Parenting Toddlers

There’s nothing so wonderful as parenting toddlers. These little people are at a crossroads in their life; the crossroads between independence and autonomy, babyhood and childhood. They are curious, thoughtful and quick-thinking, and they can be made happy as easy as anything—and made miserable just as easily.  Parenting a toddler is an adventure; an adventure that you are blessed to be a part of.

Your Dream Job or Not

Parents of toddlers often find themselves watching families with older children jealously. When my child is that big, they think, we’ll have so much fun! Life will be easy again! It might be easy, but there’s one thing you should know—you are going to miss these toddler years and wish them back many, many times when they are  over and done.

So take advantage of this time when you have it. Enjoy every minute, and don’t wish them away faster than they go already. Practice being thankful for the little things—your toddler’s sticky kisses, the way he holds your hand as you cross the parking lot, the scribble picture he presented to you as if it was some valuable piece of artwork. 

Be thankful for the little things, and don’t forget the big picture. It’s easy to miss the forest for the trees, or forget the joy of parenting toddlers in the exhaustion of keeping them in line and  keeping their messes cleaned up. Take time out of the busyness of life just to enjoy your toddler  and delight in the wonderful person he is. If you make parenting your toddler your dream job, that’s exactly what it will be. Otherwise it might end up as no more than a stint on an exhausting treadmill.

Parenting Toddlers: The Lowdown

Parenting tots will take everything you’ve got—and then some more. All your reserves of patience, all your reserves of love, all your energy and all your time. Come to terms with this, and remember that it is only for a season—and that it is a very special season.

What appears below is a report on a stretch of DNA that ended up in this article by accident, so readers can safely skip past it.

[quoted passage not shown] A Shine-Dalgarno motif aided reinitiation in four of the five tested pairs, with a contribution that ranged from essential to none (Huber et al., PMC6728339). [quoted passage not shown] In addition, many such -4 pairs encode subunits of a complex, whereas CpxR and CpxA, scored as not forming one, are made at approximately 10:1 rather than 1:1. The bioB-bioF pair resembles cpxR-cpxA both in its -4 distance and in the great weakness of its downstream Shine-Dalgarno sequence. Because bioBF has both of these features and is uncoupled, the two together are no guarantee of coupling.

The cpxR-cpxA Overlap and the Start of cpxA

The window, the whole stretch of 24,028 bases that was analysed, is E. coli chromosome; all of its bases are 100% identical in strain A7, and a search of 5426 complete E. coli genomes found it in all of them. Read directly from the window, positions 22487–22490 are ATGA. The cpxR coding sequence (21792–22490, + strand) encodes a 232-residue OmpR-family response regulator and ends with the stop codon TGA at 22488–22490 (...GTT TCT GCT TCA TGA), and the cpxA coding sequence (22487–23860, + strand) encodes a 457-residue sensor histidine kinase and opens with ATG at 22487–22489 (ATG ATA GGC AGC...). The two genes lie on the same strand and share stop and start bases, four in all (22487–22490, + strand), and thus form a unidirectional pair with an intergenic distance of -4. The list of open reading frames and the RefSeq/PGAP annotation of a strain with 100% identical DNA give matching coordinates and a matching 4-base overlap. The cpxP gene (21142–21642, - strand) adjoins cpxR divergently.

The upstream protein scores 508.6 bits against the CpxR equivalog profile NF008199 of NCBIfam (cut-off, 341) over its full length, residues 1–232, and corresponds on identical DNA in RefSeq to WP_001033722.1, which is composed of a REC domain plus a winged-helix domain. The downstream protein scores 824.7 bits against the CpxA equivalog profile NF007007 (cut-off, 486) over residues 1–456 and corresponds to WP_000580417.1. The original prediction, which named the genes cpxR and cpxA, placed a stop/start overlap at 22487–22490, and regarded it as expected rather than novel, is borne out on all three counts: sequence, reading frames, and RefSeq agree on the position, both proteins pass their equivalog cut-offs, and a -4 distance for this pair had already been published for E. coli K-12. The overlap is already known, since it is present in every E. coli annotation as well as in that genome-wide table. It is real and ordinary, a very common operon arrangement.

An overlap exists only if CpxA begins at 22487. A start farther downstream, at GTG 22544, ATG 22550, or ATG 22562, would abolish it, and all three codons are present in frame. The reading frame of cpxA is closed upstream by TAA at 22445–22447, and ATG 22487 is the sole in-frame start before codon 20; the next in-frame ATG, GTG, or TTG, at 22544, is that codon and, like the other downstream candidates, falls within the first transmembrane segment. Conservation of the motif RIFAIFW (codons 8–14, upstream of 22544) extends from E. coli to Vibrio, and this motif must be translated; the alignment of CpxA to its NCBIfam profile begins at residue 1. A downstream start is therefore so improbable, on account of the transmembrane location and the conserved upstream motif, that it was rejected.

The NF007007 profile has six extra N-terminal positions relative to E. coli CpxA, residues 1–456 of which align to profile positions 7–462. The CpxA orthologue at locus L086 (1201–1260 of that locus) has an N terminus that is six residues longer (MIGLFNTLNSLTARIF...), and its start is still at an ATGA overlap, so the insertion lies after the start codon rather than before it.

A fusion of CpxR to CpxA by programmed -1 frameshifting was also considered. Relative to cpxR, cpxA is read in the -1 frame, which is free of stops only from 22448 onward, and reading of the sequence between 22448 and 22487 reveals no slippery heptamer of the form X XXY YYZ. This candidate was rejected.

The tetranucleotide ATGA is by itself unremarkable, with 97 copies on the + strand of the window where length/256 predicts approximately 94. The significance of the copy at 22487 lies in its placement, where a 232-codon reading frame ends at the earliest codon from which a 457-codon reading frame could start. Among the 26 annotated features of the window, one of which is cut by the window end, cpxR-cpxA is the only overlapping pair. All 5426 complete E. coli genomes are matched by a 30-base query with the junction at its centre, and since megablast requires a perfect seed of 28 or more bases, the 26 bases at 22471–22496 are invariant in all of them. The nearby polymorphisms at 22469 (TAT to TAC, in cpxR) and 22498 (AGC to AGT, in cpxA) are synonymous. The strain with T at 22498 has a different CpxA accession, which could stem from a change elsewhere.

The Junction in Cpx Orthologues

How can you make parenting toddlers a success? My advice is to—

• Stay thankful. Take a little time out every day to jot down a few things you’re thankful for, and make them new each day. Thankfulness makes a huge difference in your mood, and a happy parent means a happy toddler. 

• Love more than you thought you could.  Don’t be afraid to love your child, and make sure that he knows how much you love him.  Sometimes we think that our children must know how much we love them—just look at all the sacrifices we’re making! But it’s important we tell them to: love needs to be love in action and in word, not one or the other.

• Discipline consistently—I’ve got another page on this website where I discuss discipline in more detail, so I won’t go into it very much here. But consistent, loving discipline is an important part of successful toddler parenting. It’s something no toddler can do without.

• Spend quality time—focused on your toddler. Time that belongs just to you two, and where there are no phone, computer, or TV distractions. Read books to your toddler. Play with him with his toys. Let him help you with your housework. Let him tell you stories. 

There’s one more aspect of toddler parenting that can’t be skipped. Be the person you want your child to become. You are your toddler’s biggest role model, and he’s looking at you for an example of how to behave. What you do speaks much louder than what you say.

So live the life. Let your beliefs and actions be consistent, and be the person you want your toddler’s hero to be. That doesn’t mean you need to hide your insecurities or uncertainties. Showing your child that you are human and fallible but that you’ll work hard to the right thing will be far more fruitful than trying to pull off a ‘superman-who-can-do-it-all’ show.

Remember, parenting toddlers is fun. Fun. Fun. Like, really fun. Don’t lose sight of that, whatever happens. 

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